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All you need to know about World Trade Organization

Tuesday marks the fifth anniversary of Russia’s accession to the World Trade Organization (WTO) on August 22, 2012.

MOSCOW (Sputnik) – The WTO is an international organization set up to liberalize international trade and regulate trade and political relations between member countries. The WTO is a legal successor to the General Agreement on Tariffs and Trade (GATT) that was enacted in 1947.

The organization was established under a system of mutual agreements, the so-called Uruguay round, between GATT member countries.

The WTO helps streamline the trade process under a system based on certain regulations; it objectively resolves trade disputes between governments; it also organizes trade talks. This activity hinges on 60 WTO agreements dealing with all main legal norms in the area of international commerce and trade. These agreements are based on various principles, including non-discrimination (the most-favored nation regime and national regime provision), more lenient trade terms, promoting competition and extra provisions for the least developed countries. The WTO also aims to fight protectionism.

In November 2015, the WTO had 162 member countries. However, at the Ministerial Conference in the Kenyan capital of Nairobi on December 15-18, Afghanistan and Liberia were accepted as the 163rd and 164th WTO members.

Over 20 countries and 60 international organizations, including the United Nations, International Monetary Fund (IMF) and World Bank, as well as regional and commodity associations, have observer status with the WTO.

Observer countries include Azerbaijan, Belarus, Iran, Iraq, Serbia, Uzbekistan and others. An overwhelming majority of observer countries are at different stages of the WTO accession process.

The multi-stage WTO accession procedure usually lasts between five and seven years.

During the first stage, members of special working parties assess a membership applicant’s economic mechanism and trade policy regime during multilateral discussions to see if the applicant meets WTO norms and regulations. Consultations and talks on WTO membership terms are subsequently launched. As a rule, these bilateral consultations and talks involve all interested countries that are members of a working party.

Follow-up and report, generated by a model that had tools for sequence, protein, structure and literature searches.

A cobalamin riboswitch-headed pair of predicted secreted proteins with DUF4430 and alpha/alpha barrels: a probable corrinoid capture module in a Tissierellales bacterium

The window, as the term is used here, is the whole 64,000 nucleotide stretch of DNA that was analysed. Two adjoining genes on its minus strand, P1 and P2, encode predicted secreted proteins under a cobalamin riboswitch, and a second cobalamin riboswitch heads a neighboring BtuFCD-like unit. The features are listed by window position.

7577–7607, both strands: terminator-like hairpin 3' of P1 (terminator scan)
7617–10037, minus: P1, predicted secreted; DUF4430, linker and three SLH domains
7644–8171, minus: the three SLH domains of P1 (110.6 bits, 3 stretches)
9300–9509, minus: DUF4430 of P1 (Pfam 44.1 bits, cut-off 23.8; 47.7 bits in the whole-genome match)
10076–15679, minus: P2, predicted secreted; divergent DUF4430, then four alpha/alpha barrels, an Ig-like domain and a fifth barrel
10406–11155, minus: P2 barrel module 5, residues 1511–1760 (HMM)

First, the talks deal with commercially important concessions that a prospective member country will be ready to make, while allowing WTO members to enter its markets.

For its part, a country joining the WTO receives the same rights as all other WTO members.

Under the standard procedure, the results of all talks for liberalizing access to markets and specific WTO accession terms are formalized by official documents that include a report of the working party listing the package of rights and obligations due to be assumed by the prospective member country after the talks; lists of commitments regarding services and tariff concessions on goods; an accession protocol formalizing the agreements reached at bilateral and multilateral levels.

One of the main WTO accession terms calls for bringing national legislation and the practical regulation of foreign-trade operations in conformity with the provisions of the package of agreements of the Uruguay round.

At the final stage of the WTO accession process, the national legislature of a prospective member country ratifies the entire package of documents that have been duly coordinated by the working party and approved by the WTO General Council. These obligations then become part of the package of WTO legal documents and national legislation, and the prospective member country receives the status of a WTO member.

The Ministerial Conference is the top decision-making body, which usually meets every two years. It brings together representatives of all members of the WTO.

In between its sessions, the WTO General Council that includes representatives of all WTO members exercises its functions. Moreover, the General Council resolves disputes and reviews trade policies. The Council for Trade in Goods, Council for Trade in Services and Council for Trade-Related Aspects of Intellectual Property Rights function under its supervision.

The Ministerial Conference establishes the Committee on Trade and Development, Committee on Balance of Payments Restrictions and the Committee on Budget, Finance and Administration. All WTO member countries are free to delegate their representatives to the organization’s councils and committees.

The Ministerial Conference appoints the WTO director general who, in turn, appoints officials of the WTO Secretariat. The WTO director general also sets forth their duties and employment terms in line with the provisions approved by the Ministerial Conference.

The WTO includes working parties and expert groups and specialized committees that establish and enforce competition regulations, monitor compliance with regional trade agreements, the investment climate in member countries, and admit new members.

WTO decisions are adopted by consensus. Various interpretations of agreements’ provisions on goods and services and exemptions from specific obligations are approved by 75 percent of the votes. Amendments not affecting the rights and obligations of the parties, as well as the admission of new members, require a two-thirds majority vote.

The WTO’s working languages are English, French and Spanish.

On September 1, 2013, Roberto Azevedo was appointed the WTO director general for a four-year term.

The organization has its headquarters in Geneva.

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